Margaret also recalled another horrible incident that deeply impacted her life. Her husband, Joel Ouye another Japanese American had signed up to serve in the U.S. Army and was a member of the 442nd unit, which ultimately became one of the highest decorated WWII battalions. He was stationed in Mississippi and was suppose to ship off to Italy to fight in the war. On his last night before leaving, he and 2 other buddies decided to go into town for a last drink. When they were through and headed back to the base, they hailed a taxicab. As they got into the cab, a White guy came up to them and yelled at them to get out of the cab. He wanted it. They told him that they needed to report back to base so they could ship out the next day. Then suddenly, the man swung and broke his beer bottle and attacked Joel Ouye on the head. When Mr. Ouye woke up the next morning in the hospital, he heard the doctor say to him “I’m sorry Mr. Ouye, we tried everything we could to save your eye.” Joel Ouye woke up to find that they had removed his eye and eventually replaced it with a glass eye that he had to live with for the rest of his life.

While Margaret Ouye has endured many racial encounters, she has maintained a positive and participatory attitude towards being an American citizen. She consistently votes in all the elections. She said “I’m proud to live to be 87 and able to vote in an election where there is both a young Black man and a woman who are running to become the President of the United States.” She encourages everyone to vote and quietly remembers that her parents didn’t originally have the right to vote when she was a young girl.

We thank and salute Masako Kitashima…Margaret Ouye for sharing her story and her positive contributions. Mable

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When Aileen Hernandez attended Howard University as a young African American woman, she remembered enrolling in a Political Science class. There was a male teacher whom she recalled announcing on the first day “If you are planning to attend this class, this is going to be a very hard one. If you don’t want to work hard, perhaps you should take home economics”. Aileen would not move out of the room and the next day she came back and attended the class for the rest of the session.

It was indicative of the type of struggles Aileen faced throughout her life as an African American woman growing up in the 1920’s in Brooklyn, New York and attending college at Howard University in Washington, DC. Ever since she was 5 years old, she has had to push back and challenge things that weren’t right. Her life has been all about righting the wrongs in our society. She said “the possibilities were so narrow for women in those days”.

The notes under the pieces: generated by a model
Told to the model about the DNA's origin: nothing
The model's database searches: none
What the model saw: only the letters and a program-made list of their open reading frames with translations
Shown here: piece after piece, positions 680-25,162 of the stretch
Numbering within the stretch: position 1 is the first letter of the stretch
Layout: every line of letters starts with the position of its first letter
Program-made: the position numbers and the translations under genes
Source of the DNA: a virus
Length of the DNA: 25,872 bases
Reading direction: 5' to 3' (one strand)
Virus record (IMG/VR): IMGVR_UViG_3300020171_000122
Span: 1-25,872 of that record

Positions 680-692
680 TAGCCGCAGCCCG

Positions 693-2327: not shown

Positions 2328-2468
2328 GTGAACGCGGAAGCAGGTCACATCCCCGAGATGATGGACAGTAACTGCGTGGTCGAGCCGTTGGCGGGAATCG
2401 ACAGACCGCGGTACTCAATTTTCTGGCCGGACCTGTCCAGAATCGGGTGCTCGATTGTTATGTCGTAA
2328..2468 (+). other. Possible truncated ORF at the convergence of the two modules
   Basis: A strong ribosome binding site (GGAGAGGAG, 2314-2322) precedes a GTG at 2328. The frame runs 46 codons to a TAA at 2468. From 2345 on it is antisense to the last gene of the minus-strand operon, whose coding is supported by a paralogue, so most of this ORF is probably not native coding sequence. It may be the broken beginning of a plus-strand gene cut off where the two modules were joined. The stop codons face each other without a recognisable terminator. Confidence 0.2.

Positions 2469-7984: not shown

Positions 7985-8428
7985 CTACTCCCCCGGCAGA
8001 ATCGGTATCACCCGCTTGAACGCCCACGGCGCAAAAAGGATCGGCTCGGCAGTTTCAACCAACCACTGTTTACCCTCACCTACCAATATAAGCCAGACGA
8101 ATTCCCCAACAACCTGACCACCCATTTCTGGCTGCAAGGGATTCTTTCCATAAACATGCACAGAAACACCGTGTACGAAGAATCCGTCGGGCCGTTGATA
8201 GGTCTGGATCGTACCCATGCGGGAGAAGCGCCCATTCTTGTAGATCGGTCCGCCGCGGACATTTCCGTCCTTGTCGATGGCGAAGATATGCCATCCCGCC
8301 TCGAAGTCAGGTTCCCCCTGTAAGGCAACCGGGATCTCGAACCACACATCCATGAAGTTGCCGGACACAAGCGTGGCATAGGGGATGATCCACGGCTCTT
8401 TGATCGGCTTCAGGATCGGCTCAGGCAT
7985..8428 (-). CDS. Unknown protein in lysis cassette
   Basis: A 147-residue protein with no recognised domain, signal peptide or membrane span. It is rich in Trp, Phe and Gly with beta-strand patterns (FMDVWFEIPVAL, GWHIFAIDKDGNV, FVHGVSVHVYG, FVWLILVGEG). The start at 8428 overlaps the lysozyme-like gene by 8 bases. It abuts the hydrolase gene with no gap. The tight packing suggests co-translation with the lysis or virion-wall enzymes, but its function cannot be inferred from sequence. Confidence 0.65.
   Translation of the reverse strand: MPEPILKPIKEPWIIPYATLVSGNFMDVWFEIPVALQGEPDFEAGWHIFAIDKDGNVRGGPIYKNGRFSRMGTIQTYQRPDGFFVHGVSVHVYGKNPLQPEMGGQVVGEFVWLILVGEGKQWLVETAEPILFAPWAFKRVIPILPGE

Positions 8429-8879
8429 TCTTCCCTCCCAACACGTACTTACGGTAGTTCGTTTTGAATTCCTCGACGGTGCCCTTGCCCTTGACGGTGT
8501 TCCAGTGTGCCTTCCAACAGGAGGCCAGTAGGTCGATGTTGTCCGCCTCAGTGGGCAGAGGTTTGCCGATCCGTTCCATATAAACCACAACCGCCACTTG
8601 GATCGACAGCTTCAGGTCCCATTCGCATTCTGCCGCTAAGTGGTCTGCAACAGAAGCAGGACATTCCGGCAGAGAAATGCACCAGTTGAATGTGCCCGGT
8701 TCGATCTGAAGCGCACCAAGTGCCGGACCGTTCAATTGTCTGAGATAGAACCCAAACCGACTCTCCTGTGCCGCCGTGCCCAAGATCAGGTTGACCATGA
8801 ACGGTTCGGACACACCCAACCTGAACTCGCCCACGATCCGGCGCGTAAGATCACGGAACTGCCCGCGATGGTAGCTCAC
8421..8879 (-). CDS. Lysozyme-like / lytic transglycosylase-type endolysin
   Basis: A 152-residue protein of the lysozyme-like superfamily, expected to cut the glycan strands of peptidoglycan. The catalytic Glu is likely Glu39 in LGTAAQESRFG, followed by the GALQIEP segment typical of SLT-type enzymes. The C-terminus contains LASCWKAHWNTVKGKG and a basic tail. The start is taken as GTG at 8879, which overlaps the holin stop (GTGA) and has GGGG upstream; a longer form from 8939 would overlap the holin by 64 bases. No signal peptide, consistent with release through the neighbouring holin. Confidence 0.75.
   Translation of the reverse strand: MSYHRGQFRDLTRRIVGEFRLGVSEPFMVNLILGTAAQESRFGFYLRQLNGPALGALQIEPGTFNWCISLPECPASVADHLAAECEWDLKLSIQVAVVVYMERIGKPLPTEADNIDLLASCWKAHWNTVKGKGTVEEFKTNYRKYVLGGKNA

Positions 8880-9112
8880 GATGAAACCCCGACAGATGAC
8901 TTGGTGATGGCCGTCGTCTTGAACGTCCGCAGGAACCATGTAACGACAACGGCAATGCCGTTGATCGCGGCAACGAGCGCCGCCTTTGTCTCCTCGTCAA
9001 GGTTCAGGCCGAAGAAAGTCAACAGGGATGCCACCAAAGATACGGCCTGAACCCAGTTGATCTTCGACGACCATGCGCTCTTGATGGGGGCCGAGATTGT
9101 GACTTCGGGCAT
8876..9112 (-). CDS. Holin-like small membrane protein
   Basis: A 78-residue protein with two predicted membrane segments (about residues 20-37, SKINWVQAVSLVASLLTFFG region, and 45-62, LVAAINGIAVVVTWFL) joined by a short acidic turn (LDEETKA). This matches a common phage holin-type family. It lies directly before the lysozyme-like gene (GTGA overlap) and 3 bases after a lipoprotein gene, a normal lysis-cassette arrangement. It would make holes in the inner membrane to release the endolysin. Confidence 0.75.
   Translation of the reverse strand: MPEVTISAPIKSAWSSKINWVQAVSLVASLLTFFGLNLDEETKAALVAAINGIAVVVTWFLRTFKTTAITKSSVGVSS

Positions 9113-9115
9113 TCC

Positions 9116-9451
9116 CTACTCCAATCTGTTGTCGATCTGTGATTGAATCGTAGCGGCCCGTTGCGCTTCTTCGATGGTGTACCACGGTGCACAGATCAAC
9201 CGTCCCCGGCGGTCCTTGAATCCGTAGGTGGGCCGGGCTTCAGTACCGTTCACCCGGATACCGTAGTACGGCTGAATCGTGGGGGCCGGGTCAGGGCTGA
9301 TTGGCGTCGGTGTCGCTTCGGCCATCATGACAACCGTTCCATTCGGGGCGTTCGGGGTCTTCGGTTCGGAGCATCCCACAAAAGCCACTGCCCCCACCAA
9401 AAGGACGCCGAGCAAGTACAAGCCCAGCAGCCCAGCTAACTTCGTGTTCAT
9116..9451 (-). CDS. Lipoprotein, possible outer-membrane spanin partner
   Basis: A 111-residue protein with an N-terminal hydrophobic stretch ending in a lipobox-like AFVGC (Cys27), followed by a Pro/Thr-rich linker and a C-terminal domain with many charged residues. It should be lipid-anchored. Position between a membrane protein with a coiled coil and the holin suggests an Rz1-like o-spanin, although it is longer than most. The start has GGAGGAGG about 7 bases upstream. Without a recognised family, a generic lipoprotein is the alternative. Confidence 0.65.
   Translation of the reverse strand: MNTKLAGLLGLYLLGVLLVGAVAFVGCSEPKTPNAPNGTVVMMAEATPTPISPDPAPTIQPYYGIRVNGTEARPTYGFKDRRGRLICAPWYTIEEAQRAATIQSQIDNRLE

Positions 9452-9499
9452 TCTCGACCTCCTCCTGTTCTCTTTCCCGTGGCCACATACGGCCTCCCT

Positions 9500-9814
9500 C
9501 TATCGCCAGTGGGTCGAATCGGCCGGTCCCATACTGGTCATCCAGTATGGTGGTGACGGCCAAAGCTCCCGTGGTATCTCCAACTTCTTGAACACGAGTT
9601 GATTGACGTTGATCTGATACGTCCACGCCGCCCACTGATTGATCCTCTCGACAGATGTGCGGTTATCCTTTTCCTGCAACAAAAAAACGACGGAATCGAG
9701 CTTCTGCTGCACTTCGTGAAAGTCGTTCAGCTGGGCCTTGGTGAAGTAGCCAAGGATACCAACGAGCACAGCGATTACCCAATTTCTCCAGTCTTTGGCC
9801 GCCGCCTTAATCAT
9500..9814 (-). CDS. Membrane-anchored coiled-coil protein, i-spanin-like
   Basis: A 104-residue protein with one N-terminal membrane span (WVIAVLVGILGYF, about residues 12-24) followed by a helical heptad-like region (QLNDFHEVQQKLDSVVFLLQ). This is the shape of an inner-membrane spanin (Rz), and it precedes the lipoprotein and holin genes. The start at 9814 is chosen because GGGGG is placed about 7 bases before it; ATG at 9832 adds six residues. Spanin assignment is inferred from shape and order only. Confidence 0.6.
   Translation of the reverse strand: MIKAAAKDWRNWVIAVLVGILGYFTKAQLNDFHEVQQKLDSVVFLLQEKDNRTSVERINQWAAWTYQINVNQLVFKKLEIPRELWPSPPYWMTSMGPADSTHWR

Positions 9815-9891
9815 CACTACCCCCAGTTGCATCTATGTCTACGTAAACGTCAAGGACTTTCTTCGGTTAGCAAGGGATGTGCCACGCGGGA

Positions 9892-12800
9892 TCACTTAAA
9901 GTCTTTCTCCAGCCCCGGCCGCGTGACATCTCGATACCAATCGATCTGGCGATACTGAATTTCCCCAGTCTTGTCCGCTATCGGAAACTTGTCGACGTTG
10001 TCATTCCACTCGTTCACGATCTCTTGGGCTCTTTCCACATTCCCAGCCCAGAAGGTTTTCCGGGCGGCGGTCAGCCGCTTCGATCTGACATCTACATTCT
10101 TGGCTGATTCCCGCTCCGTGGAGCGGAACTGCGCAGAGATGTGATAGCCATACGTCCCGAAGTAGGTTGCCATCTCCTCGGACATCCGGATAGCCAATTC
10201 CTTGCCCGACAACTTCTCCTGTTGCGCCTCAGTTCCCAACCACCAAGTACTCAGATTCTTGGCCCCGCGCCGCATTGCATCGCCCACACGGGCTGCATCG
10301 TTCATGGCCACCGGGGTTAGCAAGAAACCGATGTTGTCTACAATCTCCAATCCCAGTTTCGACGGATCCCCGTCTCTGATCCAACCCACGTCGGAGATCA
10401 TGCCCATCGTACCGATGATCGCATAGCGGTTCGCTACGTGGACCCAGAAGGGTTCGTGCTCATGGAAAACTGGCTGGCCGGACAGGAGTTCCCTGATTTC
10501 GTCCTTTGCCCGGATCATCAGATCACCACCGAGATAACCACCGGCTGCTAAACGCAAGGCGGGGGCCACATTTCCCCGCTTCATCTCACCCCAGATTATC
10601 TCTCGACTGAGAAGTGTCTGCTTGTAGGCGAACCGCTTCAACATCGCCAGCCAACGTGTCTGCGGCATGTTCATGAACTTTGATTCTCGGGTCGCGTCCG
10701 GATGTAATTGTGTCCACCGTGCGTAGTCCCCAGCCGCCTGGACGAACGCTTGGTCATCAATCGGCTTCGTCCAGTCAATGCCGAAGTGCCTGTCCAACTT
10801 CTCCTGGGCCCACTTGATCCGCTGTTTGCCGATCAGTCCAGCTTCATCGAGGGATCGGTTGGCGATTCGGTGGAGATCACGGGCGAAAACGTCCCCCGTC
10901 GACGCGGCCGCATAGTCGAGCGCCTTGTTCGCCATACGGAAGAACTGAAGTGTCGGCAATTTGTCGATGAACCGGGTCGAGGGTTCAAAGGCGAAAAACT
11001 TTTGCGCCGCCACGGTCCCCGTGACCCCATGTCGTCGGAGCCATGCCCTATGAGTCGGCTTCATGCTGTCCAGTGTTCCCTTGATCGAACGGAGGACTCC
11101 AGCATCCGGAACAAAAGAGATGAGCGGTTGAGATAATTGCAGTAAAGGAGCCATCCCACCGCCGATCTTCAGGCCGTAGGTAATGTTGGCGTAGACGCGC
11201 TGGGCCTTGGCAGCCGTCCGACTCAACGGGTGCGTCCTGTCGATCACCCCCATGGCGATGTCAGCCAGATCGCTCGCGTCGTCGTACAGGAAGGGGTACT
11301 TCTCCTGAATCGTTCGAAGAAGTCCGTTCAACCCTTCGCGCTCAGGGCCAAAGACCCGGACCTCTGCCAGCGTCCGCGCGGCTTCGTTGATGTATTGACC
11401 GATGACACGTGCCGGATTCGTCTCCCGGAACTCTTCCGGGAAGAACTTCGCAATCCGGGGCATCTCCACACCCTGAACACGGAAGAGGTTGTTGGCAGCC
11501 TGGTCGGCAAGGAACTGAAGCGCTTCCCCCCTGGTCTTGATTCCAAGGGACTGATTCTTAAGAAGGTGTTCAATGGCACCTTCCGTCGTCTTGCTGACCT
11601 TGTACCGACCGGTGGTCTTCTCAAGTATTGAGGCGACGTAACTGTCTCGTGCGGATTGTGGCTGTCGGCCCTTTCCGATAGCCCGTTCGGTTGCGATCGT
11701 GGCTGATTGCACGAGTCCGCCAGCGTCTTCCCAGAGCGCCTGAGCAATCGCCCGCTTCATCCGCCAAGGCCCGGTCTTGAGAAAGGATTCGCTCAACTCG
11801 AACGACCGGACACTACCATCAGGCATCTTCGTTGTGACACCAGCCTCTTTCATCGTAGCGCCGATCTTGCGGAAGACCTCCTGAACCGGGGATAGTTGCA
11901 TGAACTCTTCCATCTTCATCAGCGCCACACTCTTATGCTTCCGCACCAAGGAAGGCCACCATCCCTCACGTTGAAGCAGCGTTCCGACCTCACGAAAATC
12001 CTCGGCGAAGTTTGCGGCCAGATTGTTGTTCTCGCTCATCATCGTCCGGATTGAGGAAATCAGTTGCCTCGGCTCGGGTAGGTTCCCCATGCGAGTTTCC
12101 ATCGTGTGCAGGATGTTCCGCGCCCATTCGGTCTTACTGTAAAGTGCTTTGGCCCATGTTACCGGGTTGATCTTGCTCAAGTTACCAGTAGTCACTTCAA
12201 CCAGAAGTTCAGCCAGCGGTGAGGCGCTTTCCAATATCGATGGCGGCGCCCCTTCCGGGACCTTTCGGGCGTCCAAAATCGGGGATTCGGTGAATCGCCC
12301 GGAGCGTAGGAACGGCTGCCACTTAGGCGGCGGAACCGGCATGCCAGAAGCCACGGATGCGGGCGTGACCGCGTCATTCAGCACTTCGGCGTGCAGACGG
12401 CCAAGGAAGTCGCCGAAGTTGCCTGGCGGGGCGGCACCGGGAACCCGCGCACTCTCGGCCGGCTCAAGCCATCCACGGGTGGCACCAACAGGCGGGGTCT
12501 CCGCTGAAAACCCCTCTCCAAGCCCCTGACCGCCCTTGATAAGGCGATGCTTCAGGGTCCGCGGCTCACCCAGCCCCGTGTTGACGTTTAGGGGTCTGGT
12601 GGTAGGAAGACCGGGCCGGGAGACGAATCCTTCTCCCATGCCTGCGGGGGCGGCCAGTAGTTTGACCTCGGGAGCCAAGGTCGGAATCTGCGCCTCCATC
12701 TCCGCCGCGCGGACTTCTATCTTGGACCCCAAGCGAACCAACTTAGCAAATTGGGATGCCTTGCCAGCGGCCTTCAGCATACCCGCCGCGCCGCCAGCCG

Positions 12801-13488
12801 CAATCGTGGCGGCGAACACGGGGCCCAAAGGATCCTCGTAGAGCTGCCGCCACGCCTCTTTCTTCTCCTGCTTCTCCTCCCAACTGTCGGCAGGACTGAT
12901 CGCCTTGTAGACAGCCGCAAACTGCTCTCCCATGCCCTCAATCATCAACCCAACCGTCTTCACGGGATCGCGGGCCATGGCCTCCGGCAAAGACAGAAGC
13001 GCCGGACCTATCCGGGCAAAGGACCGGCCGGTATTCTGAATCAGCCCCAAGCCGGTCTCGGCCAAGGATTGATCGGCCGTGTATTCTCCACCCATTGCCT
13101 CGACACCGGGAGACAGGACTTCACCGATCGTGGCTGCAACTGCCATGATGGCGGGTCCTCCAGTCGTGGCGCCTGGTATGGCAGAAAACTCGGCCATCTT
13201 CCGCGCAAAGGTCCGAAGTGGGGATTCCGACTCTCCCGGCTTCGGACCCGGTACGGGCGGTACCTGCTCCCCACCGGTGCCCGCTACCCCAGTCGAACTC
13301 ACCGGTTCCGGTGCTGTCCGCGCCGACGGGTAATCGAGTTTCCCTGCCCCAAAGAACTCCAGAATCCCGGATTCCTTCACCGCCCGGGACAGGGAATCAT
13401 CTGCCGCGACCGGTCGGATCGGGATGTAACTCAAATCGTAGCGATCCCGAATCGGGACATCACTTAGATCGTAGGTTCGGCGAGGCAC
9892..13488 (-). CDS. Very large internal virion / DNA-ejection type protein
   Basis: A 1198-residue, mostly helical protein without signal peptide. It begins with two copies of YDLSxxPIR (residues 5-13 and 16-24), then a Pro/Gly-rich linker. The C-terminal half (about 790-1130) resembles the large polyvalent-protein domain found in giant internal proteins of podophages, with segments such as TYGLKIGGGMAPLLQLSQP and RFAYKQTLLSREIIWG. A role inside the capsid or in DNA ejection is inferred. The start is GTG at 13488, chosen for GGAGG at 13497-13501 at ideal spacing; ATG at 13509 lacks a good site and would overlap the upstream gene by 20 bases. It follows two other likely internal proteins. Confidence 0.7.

Aileen’s parents came from Jamaica in the 1920’s and settled in Brooklyn, New York. Back then, it almost felt like the countryside with cows in the fields. She remembers growing up with families of many different ethnicities: Norwegian, Italian, Jewish all attending the same schools. When she was deciding which college to go to, she was encouraged to attend Howard University in Washington, DC. It was a college that was predominantly attended and supported African American students. Her father went with her from New York to Washington, DC when she went away to school. She vividly recalls when she arrived in Washington, DC someone telling her father that “You have to get the Black Cab” in order to get taxied to the university. It was a rude introduction to a world where people lived in totally segregated communities. There were segregated theaters, restaurants and schools where the Black people could attend separate from the rest of society.

At Howard University, Aileen got a political awakening that would influence her development and interests in the years to come. She became very involved with the Civil Rights movement and NAACP. Later she immersed herself in worker rights, the women’s movement through the International Ladies Garment Union and many other women’s and political activism issues.